Bruce Conklin, MD

Professor
Departments of Medicine
Pharmacology and Ophthalmology
415-734-2712

Decoding human genetic disease allows us to develop models of the pathology that can be directly tested with gene correction or targeted drug therapy. Dominant negative mutations are particularly promising therapeutic targets since they are resistant to traditional therapies, yet precise excision of disease-causing allele could provide a cure. We are using patient-derived induced pluripotent stem cells (iPSCs) to model diseases in tissues that are particularly susceptible to dominant negative mutations: cardiomyocytes, motor neurons and retinal pigment epithelial (RPE) cells. By developing CRISPR genome surgery in human cells, we hope to devise improved cellular models as well as human therapies.

Stem cell models of genome surgery: By focusing on allele-specific gene excision we can select gene mutations that are highly penetrant, with clear phenotypes in cell types that can be readily derived from iPSCs. We use whole genome sequencing to identify common genetic polymorphisms that can be used to selectively inactivate the disease allele with CRISPR nucleases. The diseased cell types allow us to decode the cellular signatures of disease and determine if the excision of the disease allele restores cellular functioning. Genome surgery is a rapidly advancing field that uses state-of-the-art techniques that pushes the boundaries of cell and molecular biology. We use advanced microscopy, tissue engineering and single cell genomics to optimize precise editing. We are developing computational methods to select optimal CRISPR/Cas9 combinations in diverse populations. We aim to produce therapies that are safe and cost effective so that they can benefit the maximal number of people. In collaboration with clinical scientists and the Innovative Genomics Institute (https://innovativegenomics.org/) we are preparing large animal models and clinical grade reagents to prepare for human clinical trials.

Insights into cellular and molecular mechanisms: A major benefit of our approach to genome surgery is the mechanistic insights that we gain. The reversion of a cellular phenotype is proof that dominant negative allele was causative and that the disease process is reversible. Detailed cellular analysis often provides new insights into the mechanism of the disease. Genomic deletions require detailed knowledge of the non-coding elements that are often poorly understood (e.g., enhancers, LncRNAs, microRNAs). Each cell type allows us to probe the 3D architecture and epigenetic state of the gene region, since distant DNA can be in close proximity, allowing efficient excision of larger genomic segments. Finally, the DNA repair machinery of each cell type will be better understood as we learn to orchestrate precise repair. Genome surgery is a new field of medicine that will drive a new level investigation into the molecular physiology of diverse cell types such as cardiomyocytes, motor neurons and RPE. Only by understanding the basic cellular and molecular physiology of these cells can me meet the challenges ahead.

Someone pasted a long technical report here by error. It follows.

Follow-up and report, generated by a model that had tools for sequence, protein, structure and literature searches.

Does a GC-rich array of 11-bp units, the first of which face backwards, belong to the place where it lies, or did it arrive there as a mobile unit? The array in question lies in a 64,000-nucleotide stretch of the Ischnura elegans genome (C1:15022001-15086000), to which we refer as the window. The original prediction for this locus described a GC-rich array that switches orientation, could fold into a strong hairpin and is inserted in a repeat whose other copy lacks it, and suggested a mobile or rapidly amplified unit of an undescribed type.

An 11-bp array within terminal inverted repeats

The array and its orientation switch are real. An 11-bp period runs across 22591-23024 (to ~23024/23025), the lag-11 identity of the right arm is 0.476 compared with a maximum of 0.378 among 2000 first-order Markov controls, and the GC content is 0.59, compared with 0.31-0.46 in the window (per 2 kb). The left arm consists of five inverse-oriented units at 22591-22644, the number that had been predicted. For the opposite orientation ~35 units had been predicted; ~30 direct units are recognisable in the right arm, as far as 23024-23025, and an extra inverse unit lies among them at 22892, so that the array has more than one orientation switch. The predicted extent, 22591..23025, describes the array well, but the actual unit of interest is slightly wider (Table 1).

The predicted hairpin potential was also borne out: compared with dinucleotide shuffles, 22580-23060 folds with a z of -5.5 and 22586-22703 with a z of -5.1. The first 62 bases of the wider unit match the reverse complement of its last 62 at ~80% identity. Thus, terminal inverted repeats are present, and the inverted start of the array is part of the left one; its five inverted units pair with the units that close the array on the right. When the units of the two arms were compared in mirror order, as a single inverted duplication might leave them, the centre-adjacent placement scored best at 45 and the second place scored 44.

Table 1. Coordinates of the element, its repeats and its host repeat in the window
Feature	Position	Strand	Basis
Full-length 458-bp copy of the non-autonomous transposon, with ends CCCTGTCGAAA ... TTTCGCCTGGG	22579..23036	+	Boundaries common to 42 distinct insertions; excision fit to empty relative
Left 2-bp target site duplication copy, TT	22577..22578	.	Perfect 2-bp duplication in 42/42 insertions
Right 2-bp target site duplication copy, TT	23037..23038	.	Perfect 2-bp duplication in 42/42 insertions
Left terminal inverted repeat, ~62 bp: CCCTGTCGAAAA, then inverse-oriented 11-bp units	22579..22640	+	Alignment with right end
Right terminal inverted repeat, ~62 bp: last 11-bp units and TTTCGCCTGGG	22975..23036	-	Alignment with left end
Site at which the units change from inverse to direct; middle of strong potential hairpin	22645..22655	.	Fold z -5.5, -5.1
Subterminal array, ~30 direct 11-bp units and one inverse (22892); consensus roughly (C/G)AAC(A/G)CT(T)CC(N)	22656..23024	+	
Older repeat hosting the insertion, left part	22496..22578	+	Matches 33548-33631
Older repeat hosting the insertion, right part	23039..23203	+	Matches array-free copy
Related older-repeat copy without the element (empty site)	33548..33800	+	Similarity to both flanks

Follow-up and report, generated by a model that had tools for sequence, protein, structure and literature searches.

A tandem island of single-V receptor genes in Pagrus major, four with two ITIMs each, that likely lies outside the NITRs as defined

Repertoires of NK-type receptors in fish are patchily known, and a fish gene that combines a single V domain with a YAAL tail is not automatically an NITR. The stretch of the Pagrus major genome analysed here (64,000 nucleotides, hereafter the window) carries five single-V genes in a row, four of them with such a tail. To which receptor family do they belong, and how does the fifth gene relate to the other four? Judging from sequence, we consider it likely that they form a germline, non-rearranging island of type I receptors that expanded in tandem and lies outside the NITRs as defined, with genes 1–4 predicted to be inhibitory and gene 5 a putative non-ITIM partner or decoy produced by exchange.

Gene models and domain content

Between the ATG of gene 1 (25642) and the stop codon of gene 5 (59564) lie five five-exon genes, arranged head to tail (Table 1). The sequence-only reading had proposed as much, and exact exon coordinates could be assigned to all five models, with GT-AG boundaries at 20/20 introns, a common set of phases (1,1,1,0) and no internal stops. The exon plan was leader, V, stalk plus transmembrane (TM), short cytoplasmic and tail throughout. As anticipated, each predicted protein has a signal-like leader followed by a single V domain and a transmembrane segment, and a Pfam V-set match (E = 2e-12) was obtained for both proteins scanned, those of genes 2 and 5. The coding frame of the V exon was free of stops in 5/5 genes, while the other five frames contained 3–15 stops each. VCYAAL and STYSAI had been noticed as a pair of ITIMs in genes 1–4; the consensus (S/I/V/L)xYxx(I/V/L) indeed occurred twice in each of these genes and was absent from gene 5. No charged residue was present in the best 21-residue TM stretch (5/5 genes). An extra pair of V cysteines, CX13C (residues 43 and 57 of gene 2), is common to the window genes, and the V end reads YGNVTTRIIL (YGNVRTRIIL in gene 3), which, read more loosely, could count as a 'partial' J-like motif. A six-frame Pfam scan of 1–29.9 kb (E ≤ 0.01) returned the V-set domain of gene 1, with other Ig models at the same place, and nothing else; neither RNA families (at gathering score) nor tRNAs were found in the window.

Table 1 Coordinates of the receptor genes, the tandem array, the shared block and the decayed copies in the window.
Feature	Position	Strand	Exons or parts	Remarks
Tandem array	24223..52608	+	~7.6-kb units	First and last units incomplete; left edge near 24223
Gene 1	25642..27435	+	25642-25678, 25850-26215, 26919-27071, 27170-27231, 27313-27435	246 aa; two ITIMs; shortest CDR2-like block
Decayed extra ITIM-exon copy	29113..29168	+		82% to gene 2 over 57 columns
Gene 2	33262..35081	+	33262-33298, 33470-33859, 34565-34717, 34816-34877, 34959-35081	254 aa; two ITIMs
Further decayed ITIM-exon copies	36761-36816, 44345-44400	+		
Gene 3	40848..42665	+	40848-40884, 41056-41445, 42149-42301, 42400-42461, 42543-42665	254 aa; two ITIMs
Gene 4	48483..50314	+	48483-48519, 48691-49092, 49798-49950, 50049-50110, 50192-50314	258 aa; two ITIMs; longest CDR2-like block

Future directions: Genome engineering and stem cell biology have been the most disruptive technologies of this millennia. Advances in iPSC-differentiation and cell modeling will allow more cell types and sophisticated multicellular models of disease. Molecular insights into many diseases are likely to lead to insights into improved drug therapy without gene correction. We also predict increasing sophisticated methods to intervene in genetic disease with epigenetic modification, or base editing that will expand the field of genome surgery. We are confident that these new advances will help us reach our goal of decoding and repairing genetic disease.

Lab Members

Po-Lin So, PhD
Staff Research Scientist IIII
[email protected]

Luke Judge, MD, PhD
Visiting Scientist
[email protected]

Claire Clelland, MD, PhD 
Postdoctoral Scholar
[email protected]

Lazaros Lataniotis, PhD
Postdoctoral Scholar
lazaros.lataniotisgladstone.ucsf.edu

 

 

 

Juan Perez-Bermejo, PhD
Postdoctoral Scholar
[email protected]

Beeke Wienert, PhD
Postdoctoral Scholar
[email protected]

Kathleen Keough, BS
Graduate Student
[email protected]

Ashley Libby
Graduate Student
[email protected]

Aradhana Sachdev, BA
Research Associate I
[email protected]

Tessa Dewell, BS
Research Associate I
[email protected]

Katie Gjoni, BS
Research Associate I
[email protected]

Hannah Watry, BA
Visiting Researcher
[email protected]

Kenneth Wu, BS
Research Associate I
[email protected]

 

Websites

Gladstone Institutes

UCSF Biomedical Sciences Graduate Program 

UCSF Developmental Biology Graduate Program

UCSF Tetrad Graduate Program 

UCSF Developmental Biology

Innovative Genomics Institute 

Allen Institute for Cell Sciences, Advisory Board

Publications: